A gay man who escaped torture in Chechnya has spoken about his harrowing experience amidst Russia’s ‘anti-gay purge’.
27-year-old Amin Dzhabrailov fled to Canada through the Rainbow Railroad, a non-profit that helps LGBT+ people escape from countries where their sexuality puts their lives in danger.
Speaking at a Rainbow Railroad fundraiser in Winnipeg on Thursday, September 12, he described to CBC his ordeal as a gay man in the Russian republic.
“It was awful,” he said, remembering the day in March 2017 when Russian soldiers kidnapped him from the hair salon he worked at. “I was colouring hair and it was my usual day. I had lunch and they just came — some guys with guns.”
The men handcuffed Dzhabrailov and drove him to a torture facility where he was held for two weeks with roughly 17 other gay men.
Since Vladimir Putin’s return to the presidency in 2012, new repressive laws and policies, and reprisals against human rights defenders and activists, have had a crippling effect on vital human rights work in the country, said Amnesty International in a new briefing Unfair Game: Persecution of Human Rights Defenders in Russia Intensifies released today.
“Human rights work in present-day Russia is like navigating a minefield. Every day poses a new threat to a human rights defender; whether it’s severe beatings by ‘unknown’ assailants who have never been found, criminal prosecution and imprisonment for a crime that has never been committed, financial starvation through bank account freezes and extortionate fines, or intrusive state media attention targeting close relatives,” said Natalia Prilutskaya, Amnesty International’s Russia Researcher.
Every day poses a new threat to a human rights defender; whether it’s severe beatings by ‘unknown’ assailants who have never been found, prosecution for a crime that has never been committed, financial starvation through bank account freezes and extortionate fines, or intrusive state media attention targeting close relatives
The briefing exposes the wide range of instruments the authorities have used over the past seven years to restrict, obstruct or halt human rights work in Russia. These include the passing of new restrictive laws, persecution of human rights defenders, and condoning the attacks on and threats to activists.
According to the briefing, those protecting human rights in Chechnya and Russia’s LGBTI activists are among the most targeted, with numerous vicious attacks recorded. For example, Igor Kochetkov from St Petersburg, whose organization Russian LGBT Network exposed the crimes against gay men in Chechnya, received death threats in January 2019 through a video that circulated widely on social media. To date there is no indication that police have effectively investigated the matter.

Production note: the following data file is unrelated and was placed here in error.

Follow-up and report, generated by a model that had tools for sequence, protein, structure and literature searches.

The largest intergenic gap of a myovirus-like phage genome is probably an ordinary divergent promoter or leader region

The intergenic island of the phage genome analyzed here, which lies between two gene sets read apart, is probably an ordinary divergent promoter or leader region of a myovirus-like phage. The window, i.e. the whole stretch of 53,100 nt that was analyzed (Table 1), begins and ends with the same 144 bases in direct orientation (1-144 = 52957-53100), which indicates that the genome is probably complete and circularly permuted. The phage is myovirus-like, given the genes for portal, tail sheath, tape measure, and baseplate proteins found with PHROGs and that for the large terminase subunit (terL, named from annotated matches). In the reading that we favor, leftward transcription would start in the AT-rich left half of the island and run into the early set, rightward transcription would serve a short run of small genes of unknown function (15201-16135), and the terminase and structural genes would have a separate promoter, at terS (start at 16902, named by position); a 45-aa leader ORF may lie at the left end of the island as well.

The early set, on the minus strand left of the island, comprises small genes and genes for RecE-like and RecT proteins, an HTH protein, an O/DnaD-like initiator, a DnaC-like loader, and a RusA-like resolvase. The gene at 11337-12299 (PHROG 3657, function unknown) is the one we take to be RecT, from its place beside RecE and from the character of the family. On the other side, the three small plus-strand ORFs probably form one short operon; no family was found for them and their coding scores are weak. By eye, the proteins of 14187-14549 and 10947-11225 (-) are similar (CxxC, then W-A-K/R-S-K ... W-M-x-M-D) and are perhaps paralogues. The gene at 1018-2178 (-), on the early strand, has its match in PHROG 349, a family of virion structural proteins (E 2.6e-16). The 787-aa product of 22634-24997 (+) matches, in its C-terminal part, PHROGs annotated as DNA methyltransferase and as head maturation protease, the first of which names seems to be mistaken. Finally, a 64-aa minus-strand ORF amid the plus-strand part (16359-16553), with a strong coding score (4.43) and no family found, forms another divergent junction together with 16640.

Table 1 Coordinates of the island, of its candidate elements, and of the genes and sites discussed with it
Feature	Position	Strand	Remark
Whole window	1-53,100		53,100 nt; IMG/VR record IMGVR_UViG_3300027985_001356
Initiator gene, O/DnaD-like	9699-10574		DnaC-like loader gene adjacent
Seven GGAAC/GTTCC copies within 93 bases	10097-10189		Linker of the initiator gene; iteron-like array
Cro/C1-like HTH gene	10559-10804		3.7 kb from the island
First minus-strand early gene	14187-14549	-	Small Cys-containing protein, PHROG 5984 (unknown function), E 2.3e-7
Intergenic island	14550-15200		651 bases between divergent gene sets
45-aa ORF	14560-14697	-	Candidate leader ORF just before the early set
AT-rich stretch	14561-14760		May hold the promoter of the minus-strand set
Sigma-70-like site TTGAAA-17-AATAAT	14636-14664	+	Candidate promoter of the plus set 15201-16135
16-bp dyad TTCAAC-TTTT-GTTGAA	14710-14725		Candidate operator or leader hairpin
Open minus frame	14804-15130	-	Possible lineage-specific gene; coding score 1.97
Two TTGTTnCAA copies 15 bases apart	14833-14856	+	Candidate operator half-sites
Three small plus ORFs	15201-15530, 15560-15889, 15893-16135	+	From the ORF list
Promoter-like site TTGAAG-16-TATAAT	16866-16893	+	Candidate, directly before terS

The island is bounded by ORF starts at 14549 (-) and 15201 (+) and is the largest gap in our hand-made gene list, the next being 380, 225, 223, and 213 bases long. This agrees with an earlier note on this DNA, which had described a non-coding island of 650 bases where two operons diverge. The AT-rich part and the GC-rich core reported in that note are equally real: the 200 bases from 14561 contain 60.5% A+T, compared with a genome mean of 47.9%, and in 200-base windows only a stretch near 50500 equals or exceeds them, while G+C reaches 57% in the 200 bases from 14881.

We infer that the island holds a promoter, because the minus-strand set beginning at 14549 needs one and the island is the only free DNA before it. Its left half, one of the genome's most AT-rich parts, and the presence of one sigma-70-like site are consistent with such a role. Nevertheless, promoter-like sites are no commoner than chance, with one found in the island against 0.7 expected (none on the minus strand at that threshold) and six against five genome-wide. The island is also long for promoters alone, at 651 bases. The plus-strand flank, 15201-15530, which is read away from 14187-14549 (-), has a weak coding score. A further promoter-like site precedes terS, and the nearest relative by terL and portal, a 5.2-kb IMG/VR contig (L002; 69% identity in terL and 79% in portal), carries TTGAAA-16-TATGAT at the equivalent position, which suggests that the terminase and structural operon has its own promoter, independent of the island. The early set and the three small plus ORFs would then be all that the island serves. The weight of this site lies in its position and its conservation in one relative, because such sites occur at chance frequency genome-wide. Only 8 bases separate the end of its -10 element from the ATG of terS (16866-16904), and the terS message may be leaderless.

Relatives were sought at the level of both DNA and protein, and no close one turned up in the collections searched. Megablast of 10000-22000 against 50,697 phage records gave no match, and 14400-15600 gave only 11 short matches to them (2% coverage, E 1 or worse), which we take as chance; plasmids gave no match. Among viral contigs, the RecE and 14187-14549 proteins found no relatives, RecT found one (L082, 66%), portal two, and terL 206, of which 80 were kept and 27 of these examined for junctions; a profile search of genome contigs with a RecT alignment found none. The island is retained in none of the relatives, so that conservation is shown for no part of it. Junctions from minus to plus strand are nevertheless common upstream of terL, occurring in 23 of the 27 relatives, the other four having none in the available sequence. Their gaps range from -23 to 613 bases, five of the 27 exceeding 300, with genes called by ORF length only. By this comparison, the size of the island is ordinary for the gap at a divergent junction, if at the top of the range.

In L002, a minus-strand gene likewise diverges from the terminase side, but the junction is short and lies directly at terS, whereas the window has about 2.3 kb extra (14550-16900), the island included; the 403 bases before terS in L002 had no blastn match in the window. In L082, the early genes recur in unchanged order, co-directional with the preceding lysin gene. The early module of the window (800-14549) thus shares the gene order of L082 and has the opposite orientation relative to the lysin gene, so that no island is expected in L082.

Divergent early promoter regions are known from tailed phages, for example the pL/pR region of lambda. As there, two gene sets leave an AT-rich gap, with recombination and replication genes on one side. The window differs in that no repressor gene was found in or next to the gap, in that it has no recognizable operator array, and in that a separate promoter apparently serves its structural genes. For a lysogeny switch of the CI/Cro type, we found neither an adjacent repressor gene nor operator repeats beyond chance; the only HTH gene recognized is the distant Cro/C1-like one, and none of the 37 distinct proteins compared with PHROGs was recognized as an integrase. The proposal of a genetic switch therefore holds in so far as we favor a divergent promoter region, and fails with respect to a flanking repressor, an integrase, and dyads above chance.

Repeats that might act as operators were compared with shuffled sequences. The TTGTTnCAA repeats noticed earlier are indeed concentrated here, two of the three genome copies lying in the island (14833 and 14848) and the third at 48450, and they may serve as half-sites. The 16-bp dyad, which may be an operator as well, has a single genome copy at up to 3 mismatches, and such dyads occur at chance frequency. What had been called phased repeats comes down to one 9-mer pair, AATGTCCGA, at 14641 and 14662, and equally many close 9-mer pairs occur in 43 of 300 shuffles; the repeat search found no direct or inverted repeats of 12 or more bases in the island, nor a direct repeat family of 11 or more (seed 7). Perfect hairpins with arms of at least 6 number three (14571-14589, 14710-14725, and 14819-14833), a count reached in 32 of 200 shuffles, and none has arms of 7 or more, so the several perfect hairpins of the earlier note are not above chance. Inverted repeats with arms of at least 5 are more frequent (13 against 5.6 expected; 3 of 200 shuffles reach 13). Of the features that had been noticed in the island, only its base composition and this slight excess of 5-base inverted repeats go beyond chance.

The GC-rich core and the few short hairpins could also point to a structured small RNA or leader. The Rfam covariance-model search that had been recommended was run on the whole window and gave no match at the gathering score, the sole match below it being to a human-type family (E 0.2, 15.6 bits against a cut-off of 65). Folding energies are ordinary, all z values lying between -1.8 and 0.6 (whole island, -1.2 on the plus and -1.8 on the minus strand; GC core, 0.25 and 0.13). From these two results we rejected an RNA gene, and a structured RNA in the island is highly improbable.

Beatings, electric shock treatment and forced starvation for LGBT+ community in ‘secret’ Chechnya prisons, NGO reports
Abuses were ‘directed by the highest officials of Chechnya’, report says
Severe beatings, electric shock treatment and forced starvation continue to be perpetrated against the LGBT+ community in Chechnya, a leading Russian NGO has said.
At least 36 people have suffered “abusive treatment” in secret prisons over the past year according to the Russian LGBT Network, an NGO based in St Petersburg, which cited testimonies alleging the abuses were “directed by the highest officials of Chechnya”.
“The victims were subjected to tortures, humiliations, and other measures that harm their physical and psychological well-being,” the group said.
The claims are contained within a report prepared with Russian newspaper Novaya Gazeta, which in April of last year exposed the arrest, torture and murder of members of the Chechen LGBT+ community.
The paper wrote that Chechen police had rounded up more than 100 gay men in a “prophylactic sweep”, killed three and subjected many to prison beatings and electro-shock torture.
Kheda Saratova, an activist on the humans rights council of Chechen President Ramzan Kadyrov, responded at the time: “I haven’t had a single request on this issue, but if I did, I wouldn’t even consider it.”
“In our Chechen society, any person who respects our traditions and culture will hunt down this kind of person without any help from authorities,” she added.